The average number of people testing positive for COVID-19 daily in El Paso County is rising and has exceeded the highs set in April and May, public health data show.
El Paso County Public Health reported the 14-day average number of cases in the county reached about 38 positive COVID-19 cases Sunday after rising since about June 14. The previous 14-day average highs were reached in April and late May when an average of about 28 to 29 people were testing positive each day for COVID-19, the disease caused by the coronavirus, county public health data show.
The state has also had a rise in new average daily cases since June 16, with a three-day average of 235 new cases Saturday, although it has remained far below the state-wide peak in new cases reached in April of a three-day average of 726.
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The increase statewide and in El Paso County may be tied to summer travel as residents from nearby states that have seen an increase in coronavirus cases — such as Arizona, Utah and Texas — come to Colorado on vacation, said Dr. Robin Johnson, medical director for El Paso County Public Health.
Increases in cases could also be driven in part by gatherings planned around Father’s Day and residents spending time outside but not maintaining prevention measures such as wearing masks, she said.
“We just want to get outside and play.” Johnson said. “…While we can still participate in these activities, we can’t loosen our diligence around prevention measures.”
Johnson said she expects the number of COVID-19 cases to continue rising because of the delay associated with being exposed to the virus and showing symptoms. But if more residents practice social distancing and other prevention measures such as wearing masks and better hand-washing, it could change the trend, she said.
If the cases continue growing, El Paso County could have some of its state-approved variances for activities re-examined and more stringent rules put in place, Johnson said. The county received variances to open restaurants at higher capacities than the state guidance, open churches at higher capacities, open the Cheyenne Mountain Zoo and other activities.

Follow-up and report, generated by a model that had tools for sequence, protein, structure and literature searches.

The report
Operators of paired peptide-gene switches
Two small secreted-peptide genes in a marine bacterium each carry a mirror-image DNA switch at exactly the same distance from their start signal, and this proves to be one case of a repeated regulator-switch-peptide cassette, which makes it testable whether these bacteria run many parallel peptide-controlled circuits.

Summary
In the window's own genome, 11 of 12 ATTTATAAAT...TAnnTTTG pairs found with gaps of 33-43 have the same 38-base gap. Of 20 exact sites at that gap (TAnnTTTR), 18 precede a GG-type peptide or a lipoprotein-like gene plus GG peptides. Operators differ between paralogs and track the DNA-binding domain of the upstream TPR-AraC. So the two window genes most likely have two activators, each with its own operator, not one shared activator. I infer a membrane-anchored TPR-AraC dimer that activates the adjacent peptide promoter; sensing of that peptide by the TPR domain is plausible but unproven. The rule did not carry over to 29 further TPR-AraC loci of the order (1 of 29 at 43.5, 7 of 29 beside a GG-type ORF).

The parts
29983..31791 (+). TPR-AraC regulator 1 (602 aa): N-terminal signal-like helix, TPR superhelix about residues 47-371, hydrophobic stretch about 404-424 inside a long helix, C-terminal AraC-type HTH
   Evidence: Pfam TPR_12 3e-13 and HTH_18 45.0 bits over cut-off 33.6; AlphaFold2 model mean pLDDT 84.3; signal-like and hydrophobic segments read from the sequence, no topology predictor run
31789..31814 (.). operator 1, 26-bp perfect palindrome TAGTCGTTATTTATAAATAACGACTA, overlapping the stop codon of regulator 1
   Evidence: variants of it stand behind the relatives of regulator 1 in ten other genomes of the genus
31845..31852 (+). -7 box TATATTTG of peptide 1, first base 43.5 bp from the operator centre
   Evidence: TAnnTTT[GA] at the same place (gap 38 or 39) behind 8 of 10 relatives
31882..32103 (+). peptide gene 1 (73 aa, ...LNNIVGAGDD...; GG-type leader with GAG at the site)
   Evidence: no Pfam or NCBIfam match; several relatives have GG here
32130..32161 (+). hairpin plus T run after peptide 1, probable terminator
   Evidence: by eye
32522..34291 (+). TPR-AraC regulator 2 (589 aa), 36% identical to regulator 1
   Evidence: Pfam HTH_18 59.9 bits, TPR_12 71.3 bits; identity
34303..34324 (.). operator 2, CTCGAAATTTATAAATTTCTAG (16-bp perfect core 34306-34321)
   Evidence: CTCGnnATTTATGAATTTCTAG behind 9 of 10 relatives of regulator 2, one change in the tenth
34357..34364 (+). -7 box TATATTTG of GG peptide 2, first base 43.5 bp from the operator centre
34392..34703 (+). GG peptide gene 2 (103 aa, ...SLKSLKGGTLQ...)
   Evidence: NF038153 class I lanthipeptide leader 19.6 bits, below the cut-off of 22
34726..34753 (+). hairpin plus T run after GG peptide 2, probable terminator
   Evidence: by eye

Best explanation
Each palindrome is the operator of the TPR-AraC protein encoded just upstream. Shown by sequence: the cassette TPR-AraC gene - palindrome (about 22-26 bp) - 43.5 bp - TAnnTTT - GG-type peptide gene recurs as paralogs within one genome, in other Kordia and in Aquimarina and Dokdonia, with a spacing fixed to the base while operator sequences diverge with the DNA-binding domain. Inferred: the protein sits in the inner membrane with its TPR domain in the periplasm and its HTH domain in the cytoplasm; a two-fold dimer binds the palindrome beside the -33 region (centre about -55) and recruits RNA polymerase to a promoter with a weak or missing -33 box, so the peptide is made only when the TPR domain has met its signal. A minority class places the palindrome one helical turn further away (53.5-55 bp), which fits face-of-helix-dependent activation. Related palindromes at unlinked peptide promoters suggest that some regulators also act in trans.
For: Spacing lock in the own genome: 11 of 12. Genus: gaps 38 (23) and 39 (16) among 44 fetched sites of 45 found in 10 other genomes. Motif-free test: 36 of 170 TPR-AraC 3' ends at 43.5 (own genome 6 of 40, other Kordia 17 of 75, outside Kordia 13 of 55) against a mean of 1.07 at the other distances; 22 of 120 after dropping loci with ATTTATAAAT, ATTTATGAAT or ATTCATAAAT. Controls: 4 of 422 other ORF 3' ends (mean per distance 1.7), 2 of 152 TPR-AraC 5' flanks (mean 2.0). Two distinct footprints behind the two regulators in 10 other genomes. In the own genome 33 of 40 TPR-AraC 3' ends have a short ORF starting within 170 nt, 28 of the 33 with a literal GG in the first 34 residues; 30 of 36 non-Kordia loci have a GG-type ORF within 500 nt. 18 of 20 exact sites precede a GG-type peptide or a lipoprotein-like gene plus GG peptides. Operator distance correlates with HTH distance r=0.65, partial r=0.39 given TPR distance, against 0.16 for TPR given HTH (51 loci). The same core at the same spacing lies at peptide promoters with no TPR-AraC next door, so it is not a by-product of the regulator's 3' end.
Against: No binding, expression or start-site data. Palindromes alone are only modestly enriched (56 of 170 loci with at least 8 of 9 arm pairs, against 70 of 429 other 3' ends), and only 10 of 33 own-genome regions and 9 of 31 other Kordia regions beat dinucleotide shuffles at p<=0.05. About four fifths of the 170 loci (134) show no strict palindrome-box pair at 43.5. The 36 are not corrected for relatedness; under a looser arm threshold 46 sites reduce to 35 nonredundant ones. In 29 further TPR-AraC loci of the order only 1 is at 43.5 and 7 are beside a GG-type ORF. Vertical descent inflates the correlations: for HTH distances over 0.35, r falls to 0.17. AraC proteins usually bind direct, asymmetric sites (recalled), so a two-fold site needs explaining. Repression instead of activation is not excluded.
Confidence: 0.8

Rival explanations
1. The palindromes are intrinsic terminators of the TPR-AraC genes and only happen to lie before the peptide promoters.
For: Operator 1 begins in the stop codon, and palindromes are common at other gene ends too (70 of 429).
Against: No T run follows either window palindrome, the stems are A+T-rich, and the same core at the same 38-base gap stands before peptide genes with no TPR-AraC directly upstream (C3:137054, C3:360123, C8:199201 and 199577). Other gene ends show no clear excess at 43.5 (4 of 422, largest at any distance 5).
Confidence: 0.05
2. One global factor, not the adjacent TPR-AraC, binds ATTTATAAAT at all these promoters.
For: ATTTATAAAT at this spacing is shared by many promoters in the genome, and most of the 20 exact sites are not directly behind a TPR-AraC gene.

“We really have to stay the course so we don’t lose the ground we already gained and end up with restrictions that are much more onerous,” Johnson said.
Residents between 20 and 29 years old are the group most likely to currently be diagnosed with the virus and so that age group needs to be most conscientious about their behavior to help slow the spread, she said. While younger residents are less likely to need hospitalization, they run the risk of infecting older adults, such as their grandparents, she said.
As the number of cases rises, it’s likely hospitalizations may also increase in about 10 days although that is not yet reflected in the data, Johnson said, adding hospitals in the county are prepared for those patients.
Penrose-St. Francis Health Services has continued to treat COVID-19 patients, including many from other areas, and are ready for a surge even as they hope to prevent one, said Dr. Betsy Kleiner, infection control officer for the hospitals.
“What we want to do is stem this change that we are seeing now,” she said.
Washing hands, wearing a mask and social distancing could all help change the trend, she said.
Colorado College molecular biology professor Phoebe Lostroh said she expects exponential spread of the virus in coming weeks if behaviors aren’t changed.
“The situation can get very bad, very quickly,” she said, adding she would like to see another stay-at-home order and mandatory face mask order to help slow the spread.
“Everyone needs to put their face coverings on. … Almost anything is better than nothing,” Lostroh said.
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